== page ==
Table 2: The TR7 portfolio had a solid year in 2021. Even after withdrawing $6715 in cash, this portfolio increased at a 20% rate by withdrawing cash every quarter and rebalancing.
As shown in the data above, the DGI10 portfolio balance climbed by 22%, while the TR7 portfolio balance increased by 20%. Internal dividends of $2823 were reinvested over the year, however, they were not as significant for the TR7 portfolio.
Monitoring the Overall Outcomes
Here are the combined results of these two portfolios to make them easy to follow along year by year.
Tables 3 and 4- Column four of the above table 4 illustrates what your revenue totals would have been if you had elected to adopt the 4% rule [described here].
In basic terms, the 4 per cent rule begins by removing 4% of the previous year’s balance in the first year and then increases the withdrawal amount by the consumer price index each year after that.
I used the more common CPI-U data from the Bureau of Labor Statistics in my example above.
One apparent conclusion from the above is that both the DGI10 and the TR7 have given me more spendable money than if I had only used the 4% guideline. In reality, the DGI10 provided an extra $2157 over the 6 years ending in 2021, while the TR7 delivered an extra $4,531, for a total extra income of $6688 from the combo. Based on the new RMD income levels described below, this surplus will continue to grow in 2022.
The Future of the Year
As I have stated, OHI is currently on my watch list and could be sold in 2022. You can read more about these sell triggers here. Another of these triggers searches for stocks that underperform the P 500 by more than 10% over three and five years.
As of this writing in mid-2022, I’m giving MAC and CIM some leeway because they both fail this test. Read this post titled “Is There Magic in Dividends?” if you don’t realise how crucial total return is to your long-term income production.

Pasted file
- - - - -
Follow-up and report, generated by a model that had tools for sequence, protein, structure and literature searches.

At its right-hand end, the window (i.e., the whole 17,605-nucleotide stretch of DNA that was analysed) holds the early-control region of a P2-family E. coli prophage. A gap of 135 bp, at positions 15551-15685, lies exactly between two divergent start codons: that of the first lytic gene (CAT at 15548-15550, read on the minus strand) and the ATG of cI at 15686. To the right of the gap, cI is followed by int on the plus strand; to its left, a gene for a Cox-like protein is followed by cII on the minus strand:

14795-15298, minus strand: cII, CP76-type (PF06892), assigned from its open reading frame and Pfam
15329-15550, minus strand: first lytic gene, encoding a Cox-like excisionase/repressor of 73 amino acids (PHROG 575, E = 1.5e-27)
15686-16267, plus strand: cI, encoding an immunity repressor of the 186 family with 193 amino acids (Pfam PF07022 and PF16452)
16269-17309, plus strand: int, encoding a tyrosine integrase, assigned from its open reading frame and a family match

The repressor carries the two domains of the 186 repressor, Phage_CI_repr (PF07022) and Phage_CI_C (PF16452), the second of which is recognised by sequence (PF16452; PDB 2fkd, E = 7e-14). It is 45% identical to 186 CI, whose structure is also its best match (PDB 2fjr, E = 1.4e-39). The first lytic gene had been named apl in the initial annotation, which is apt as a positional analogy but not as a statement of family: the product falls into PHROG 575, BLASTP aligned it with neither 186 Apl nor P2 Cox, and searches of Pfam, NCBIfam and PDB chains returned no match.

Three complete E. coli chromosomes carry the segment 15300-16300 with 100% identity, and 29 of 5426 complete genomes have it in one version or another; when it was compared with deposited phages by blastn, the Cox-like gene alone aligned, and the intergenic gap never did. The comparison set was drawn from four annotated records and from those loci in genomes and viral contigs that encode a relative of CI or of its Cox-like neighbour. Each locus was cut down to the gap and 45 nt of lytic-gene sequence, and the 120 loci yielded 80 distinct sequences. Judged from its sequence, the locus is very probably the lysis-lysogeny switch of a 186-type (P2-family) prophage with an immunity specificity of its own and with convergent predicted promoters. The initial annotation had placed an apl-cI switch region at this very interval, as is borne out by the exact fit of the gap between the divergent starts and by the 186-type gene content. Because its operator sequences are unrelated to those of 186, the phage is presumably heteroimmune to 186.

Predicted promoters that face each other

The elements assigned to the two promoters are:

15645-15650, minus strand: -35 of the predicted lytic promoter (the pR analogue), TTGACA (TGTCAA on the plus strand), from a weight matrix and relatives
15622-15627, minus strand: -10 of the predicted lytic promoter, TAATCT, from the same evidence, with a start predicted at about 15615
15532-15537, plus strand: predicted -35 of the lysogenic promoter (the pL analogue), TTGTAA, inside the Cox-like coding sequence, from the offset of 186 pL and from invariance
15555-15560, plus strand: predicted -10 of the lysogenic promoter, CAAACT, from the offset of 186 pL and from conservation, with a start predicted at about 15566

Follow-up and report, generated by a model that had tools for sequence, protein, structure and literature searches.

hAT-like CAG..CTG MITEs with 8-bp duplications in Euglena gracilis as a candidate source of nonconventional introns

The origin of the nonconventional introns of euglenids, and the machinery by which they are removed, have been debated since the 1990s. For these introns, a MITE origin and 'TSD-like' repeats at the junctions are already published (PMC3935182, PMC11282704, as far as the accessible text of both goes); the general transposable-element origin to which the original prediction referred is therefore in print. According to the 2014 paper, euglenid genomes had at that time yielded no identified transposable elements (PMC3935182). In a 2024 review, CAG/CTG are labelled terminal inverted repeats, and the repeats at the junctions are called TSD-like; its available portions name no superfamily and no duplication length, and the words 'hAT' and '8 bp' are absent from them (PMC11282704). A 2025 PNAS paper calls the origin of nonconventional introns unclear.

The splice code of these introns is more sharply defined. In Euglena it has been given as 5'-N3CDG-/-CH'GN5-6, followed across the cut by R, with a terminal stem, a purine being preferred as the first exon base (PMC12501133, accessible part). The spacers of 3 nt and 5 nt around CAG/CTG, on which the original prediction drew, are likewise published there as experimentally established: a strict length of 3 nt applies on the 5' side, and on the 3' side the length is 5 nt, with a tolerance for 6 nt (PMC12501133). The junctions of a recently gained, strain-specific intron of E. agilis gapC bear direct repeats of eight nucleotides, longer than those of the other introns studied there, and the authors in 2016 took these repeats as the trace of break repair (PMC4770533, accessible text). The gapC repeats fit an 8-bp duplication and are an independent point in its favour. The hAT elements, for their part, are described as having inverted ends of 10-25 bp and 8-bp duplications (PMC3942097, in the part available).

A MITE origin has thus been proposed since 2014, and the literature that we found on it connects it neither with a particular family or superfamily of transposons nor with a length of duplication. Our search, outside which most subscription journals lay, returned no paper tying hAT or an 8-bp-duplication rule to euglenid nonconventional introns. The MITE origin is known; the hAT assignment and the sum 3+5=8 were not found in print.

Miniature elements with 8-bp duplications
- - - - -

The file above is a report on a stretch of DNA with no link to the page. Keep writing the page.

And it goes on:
So far in 2022, two of the DGI10’s ten positions have increased their dividends, and I’ve purchased extra shares of QYLD, MAC, and OHI to boost their dividend payouts as well, depleting some of the DGI10’s capital.
Summary Unlike certain income portfolios that rely solely on corporate board decisions to maintain dividends, the income in these two RMD rule-based portfolios is pre-determined for the whole year based on past year-end totals and will not alter throughout the year. The total income I will receive in 2022 for these portfolios is $5,971.98 for the DGI10, plus $8,401.98 for the TR7, which will be $14,373.96 or $3593.49 each quarter removed. This is up 26% from the previous year and 77% from the start of 2016.
This journey provides a real-world comparison of a concentrated dividend growth portfolio yielding more than 4% income with an ETF portfolio with a comparable value slant and dividends reinvested.
My hope is that as time goes on, you will be able to compare and contrast these two portfolios and take what you need for your personal situation.
As I stated earlier in the post, I would not recommend that someone who wants to pursue DGI for retirement do it with 10 stocks invested in 100% of their retirement assets.
I have additional buckets from which I can draw, as I have indicated many times, and these two accounts are not my entire source of income.
This research is only as good as the data supplied in the article’s sources, my own computations, and my ability to apply them. Even though I double-checked the data, I make no more claims and apologise to everyone if I misrepresented any facts or made any arithmetic errors.
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You should also keep in mind that past performance is no guarantee of future results, and all of the data shown here are based on prior results up to this point.
The information presented on this page is solely for educational purposes. It is not meant to take the place of your own research or expert financial advice.